The Pursuit of Happyness                           

 

The rousing, true-life story of a single dad who went from living on the streets to owning his own brokerage firm is brought to the big screen by superstar Will Smith, appearing for the first time opposite his real-life son Jaden Smith. Set in early-’80s San Francisco, the film charts the hard times and eventual comeback of Chris Gardner, a suddenly single salesman who has custody of his son, but finds that providing for the two of them is a challenge in the increasingly unstable economic climate. The screenplay by Steven Conrad is based on the best-selling eponymous memoir written by Gardner with Quincy Troupe. The film was released on December 15, 2006, by Columbia Pictures. For his performance, Smith was nominated for an Academy Award and a Golden Globe for Best Actor.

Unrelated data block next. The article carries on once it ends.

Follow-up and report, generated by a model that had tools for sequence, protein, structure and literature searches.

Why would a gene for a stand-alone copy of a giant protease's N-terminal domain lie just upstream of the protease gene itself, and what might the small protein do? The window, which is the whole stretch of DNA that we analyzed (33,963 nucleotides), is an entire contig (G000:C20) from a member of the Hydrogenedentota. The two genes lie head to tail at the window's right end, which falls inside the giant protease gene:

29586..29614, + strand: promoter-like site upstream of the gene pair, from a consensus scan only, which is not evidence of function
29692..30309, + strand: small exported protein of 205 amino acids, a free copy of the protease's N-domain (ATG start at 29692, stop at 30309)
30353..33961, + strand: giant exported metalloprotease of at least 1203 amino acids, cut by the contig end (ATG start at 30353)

The scenes of the film and the narrating type of the story is 1981`s. the San Francisco salesman Chris Gardner (Will Smith) invests his entire life savings in portable bone density scanners, which he demonstrates to doctors and pitches as a handy quantum leap over standard X-rays. The scanners play a vital role in Chris’ life. While he is able to sell most of them, the time lag between the sales and his growing financial demands enrage his already bitter and alienated wife Linda (Thandie Newton), who works as a hotel maid. The financial instability increasingly erodes their marriage, in spite of them caring for their five-year-old son, Christopher (Jaden Smith). While downtown trying to sell one of the scanners, Gardner meets Jay Twistle (Brian Howe), a manager for Dean Witter Reynolds and impresses him by solving a Rubik’s Cube during a short taxi ride. After Jay leaves, Gardner lacks money to pay the fare, and chooses to run, resulting in the driver chasing him into a BART station. Gardner boards a train but loses one of his scanners in the process. His new relationship with Jay earns him the chance to become an intern stockbroker. The day before the interview, Gardner grudgingly agrees to paint his apartment so as to postpone being evicted due to his difficulty in paying the rent. While painting, Gardner is greeted by two policemen at his doorstep, who take him to the station, stating he has to pay for his numerous parking tickets he has accumulated. As part of the sanction, Gardner is ordered to spend the night in jail, complicating his schedule for the interview the next morning. He manages to arrive at Dean Witter’s office on time, albeit still in his shabby clothes. Despite his appearance, he impresses the interviewers, and lands an unpaid internship. He would be amongst 20 interns competing for a paid position as a broker. Gardner’s unpaid internship does not please Linda, who eventually leaves for New York. After Gardner bluntly says she is incapable of being a single mother, she agrees that Christopher Junior will remain with his father. Gardner is further set back when his bank account is garnished by the IRS for unpaid income taxes, and he and his young son are evicted. He ends up with less than twenty-two dollars, resulting in them being homeless, and are forced at one point to stay in a restroom at a BART station. Other days, he and Christopher spend nights at a homeless shelter, in BART, or, if he manages to procure cash, at a hotel. Later, Gardner finds the bone scanner that he lost in the station and, after repairing it, sells it to a physician, thus completing all his sales of his scanners. Disadvantaged by his limited work hours, and knowing that maximizing his client contacts and profits is the only way to earn the broker position, Gardner develops a number of ways to make phone sales calls more efficiently, including reaching out to potential high value customers, defying protocol. One sympathetic prospect who is a top-level pension fund manager even takes him and his son to a San Francisco 49ers game. Regardless of his challenges, he never reveals his lowly circumstances to his colleagues, even going so far as to lend one of his bosses five dollars for cab fare, a sum that he cannot afford. Concluding his internship, Gardner is called into a meeting with his managers. One of them notes he is wearing a new shirt. Gardner explains it is his last day and thought to dress for the occasion. The manager smiles and says he should wear it again tomorrow, letting him know he has won the coveted full-time position. Fighting back tears, Gardner shakes hands with them, then rushes to his son’s daycare to embrace Christopher. They walk down the street, joking with each other and are passed by a man in a business suit (the real Chris Gardner in a cameo appearance). The epilogue reveals that Gardner went on to form his own multimillion-dollar brokerage firm.